Matt Nagy Suggests Wonky Run-Pass Balance Wasn't Necessarily Because of His Play Calls

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Matt Nagy Suggests Wonky Run-Pass Balance Wasn’t Necessarily Because of His Play Calls

Chicago Bears

For what it’s worth, Chicago Bears Head Coach Matt Nagy saw what you saw on Thursday.

The disparity in Bears plays that were passes and runs in Thursday’s opening night loss to the Packers was jarring. Quarterback Mitch Trubisky dropped back to pass 53 times, while ball-carriers David Montgomery, Mike Davis, and Cordarrelle Patterson combined for a grand total of 12 rushes. That is as far from a balanced offensive attack as you could get.

Nagy acknowledged the one-dimensional offense wasn’t what he had in mind for an offensive game-plan. As for why things turned out as slanted in favor of the passing attack as they did, Nagy offered up something of an explanation.

RPOs are run-pass option plays. Those particular play-calls are designed to give the quarterback an option to run or pass depending on what he sees from a given defense after the snap. If the quarterback sees a front that has clear running lanes, then handing it off to a ball-carrier is the play to make. But if rushing alleys are clogged, then the quarterback can pull back, survey throwing lanes, and sling it to an open receiver. Pretty neat, eh?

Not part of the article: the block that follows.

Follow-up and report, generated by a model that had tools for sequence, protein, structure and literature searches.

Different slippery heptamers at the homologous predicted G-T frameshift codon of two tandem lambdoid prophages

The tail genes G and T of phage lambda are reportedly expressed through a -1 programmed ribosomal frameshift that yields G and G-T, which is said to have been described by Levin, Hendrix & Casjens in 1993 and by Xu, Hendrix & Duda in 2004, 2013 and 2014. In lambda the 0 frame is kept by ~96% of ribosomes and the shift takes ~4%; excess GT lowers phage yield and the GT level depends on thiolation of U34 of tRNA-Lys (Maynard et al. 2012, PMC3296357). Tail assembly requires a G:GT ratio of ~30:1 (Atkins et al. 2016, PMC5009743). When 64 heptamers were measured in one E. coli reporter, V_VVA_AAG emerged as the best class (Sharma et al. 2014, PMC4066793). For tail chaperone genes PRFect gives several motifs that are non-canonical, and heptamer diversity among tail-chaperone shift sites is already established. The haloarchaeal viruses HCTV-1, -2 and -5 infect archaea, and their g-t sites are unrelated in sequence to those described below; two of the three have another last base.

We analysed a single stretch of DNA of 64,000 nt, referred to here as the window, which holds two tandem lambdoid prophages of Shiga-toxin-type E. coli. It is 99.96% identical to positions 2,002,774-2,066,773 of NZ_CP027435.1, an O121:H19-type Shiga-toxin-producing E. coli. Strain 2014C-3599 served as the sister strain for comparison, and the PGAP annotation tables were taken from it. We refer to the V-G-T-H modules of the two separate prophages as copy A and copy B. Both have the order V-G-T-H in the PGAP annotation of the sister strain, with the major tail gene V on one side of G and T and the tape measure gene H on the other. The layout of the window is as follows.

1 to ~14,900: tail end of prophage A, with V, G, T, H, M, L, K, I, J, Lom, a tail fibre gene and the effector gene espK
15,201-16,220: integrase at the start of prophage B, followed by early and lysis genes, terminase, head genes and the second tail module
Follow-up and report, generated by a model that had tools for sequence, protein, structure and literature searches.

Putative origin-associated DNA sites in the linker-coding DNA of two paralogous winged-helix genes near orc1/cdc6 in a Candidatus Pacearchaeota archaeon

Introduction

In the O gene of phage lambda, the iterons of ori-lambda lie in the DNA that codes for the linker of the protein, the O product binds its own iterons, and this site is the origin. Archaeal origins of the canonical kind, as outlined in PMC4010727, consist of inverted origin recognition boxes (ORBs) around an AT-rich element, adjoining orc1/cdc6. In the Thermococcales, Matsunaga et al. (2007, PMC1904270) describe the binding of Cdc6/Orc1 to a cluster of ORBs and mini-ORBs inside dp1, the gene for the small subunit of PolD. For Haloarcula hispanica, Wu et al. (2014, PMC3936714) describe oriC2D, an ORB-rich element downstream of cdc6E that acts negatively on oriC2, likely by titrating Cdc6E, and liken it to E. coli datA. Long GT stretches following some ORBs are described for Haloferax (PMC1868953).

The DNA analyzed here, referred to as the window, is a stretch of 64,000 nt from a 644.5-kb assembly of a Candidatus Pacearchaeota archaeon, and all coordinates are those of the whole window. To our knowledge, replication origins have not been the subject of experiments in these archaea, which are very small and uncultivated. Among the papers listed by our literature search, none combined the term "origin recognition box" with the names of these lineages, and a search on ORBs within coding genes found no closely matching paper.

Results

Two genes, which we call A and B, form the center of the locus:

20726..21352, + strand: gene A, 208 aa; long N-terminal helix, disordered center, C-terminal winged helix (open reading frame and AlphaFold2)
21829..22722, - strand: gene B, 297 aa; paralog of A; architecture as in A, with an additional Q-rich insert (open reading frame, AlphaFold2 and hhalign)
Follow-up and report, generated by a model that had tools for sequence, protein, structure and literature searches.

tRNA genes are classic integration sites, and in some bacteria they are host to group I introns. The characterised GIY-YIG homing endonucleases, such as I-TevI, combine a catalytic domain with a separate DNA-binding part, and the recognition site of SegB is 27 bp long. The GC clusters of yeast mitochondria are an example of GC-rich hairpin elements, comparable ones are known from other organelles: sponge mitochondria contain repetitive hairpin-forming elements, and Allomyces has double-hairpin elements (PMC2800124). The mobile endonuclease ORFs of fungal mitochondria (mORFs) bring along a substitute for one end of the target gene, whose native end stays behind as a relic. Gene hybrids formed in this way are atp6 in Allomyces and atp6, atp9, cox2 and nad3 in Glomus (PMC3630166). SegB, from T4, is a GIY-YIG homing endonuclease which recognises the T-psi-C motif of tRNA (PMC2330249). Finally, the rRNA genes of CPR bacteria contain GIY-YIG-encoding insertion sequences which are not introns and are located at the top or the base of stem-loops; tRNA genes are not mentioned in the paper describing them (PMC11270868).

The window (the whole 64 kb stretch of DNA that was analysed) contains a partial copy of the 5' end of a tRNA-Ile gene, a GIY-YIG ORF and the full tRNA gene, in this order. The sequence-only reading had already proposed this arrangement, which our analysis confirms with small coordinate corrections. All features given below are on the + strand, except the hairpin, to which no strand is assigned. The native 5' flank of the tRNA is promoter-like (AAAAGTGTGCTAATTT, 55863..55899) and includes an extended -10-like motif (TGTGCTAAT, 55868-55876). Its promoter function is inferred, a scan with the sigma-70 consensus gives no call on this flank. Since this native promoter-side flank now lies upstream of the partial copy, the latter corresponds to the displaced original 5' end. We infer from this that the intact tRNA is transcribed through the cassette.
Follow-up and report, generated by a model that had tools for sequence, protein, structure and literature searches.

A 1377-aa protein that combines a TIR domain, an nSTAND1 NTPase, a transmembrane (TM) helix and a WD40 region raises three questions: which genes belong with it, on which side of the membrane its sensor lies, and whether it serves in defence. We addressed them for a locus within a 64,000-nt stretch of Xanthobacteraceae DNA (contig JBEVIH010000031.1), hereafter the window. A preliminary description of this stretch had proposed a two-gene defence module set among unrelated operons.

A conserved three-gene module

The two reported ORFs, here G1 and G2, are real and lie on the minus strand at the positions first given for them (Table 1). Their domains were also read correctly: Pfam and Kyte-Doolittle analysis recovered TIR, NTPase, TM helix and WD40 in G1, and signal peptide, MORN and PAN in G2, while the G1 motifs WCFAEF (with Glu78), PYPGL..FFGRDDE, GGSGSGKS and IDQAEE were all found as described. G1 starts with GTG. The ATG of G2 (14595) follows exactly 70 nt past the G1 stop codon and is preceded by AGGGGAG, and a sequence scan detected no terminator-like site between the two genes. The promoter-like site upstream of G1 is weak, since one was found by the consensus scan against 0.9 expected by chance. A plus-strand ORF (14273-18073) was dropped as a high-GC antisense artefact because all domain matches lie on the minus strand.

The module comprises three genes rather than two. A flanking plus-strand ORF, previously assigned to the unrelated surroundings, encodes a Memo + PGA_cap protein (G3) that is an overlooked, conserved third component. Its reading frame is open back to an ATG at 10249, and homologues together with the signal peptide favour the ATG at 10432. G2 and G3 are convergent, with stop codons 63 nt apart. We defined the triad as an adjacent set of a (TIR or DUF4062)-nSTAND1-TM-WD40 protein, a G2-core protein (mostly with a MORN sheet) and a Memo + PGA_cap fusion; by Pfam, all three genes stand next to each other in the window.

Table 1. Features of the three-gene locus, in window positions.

These types of versatile plays are difficult to stop when a defense shows a tendency to commit to either stopping the run or preventing a pass. When executed properly, they are tough to stop. But when poor decisions are made, well, it looks like what we saw unfold at Soldier Field on Thursday.

I would come short of saying Nagy is throwing shade at Trubisky, though the head coach comes through loud and clear essentially saying: “You misdiagnosed some of those, young man.”

So much of the offense is in Trubisky’s hands. It’s not just when to throw it or who to throw it to, but also when to turn a run into a pass play or shift from a throwing situation into a hand-off. Trubisky has more ownership of the offense now than he did last year, but needs to do a better job in reading what is in front of him in order to get this offense moving in the right direction.

(Photo by Jonathan Daniel/Getty Images)

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Author: Luis Medina

Luis Medina is a Writer at Bleacher Nation, and you can find him on Twitter at@lcm1986.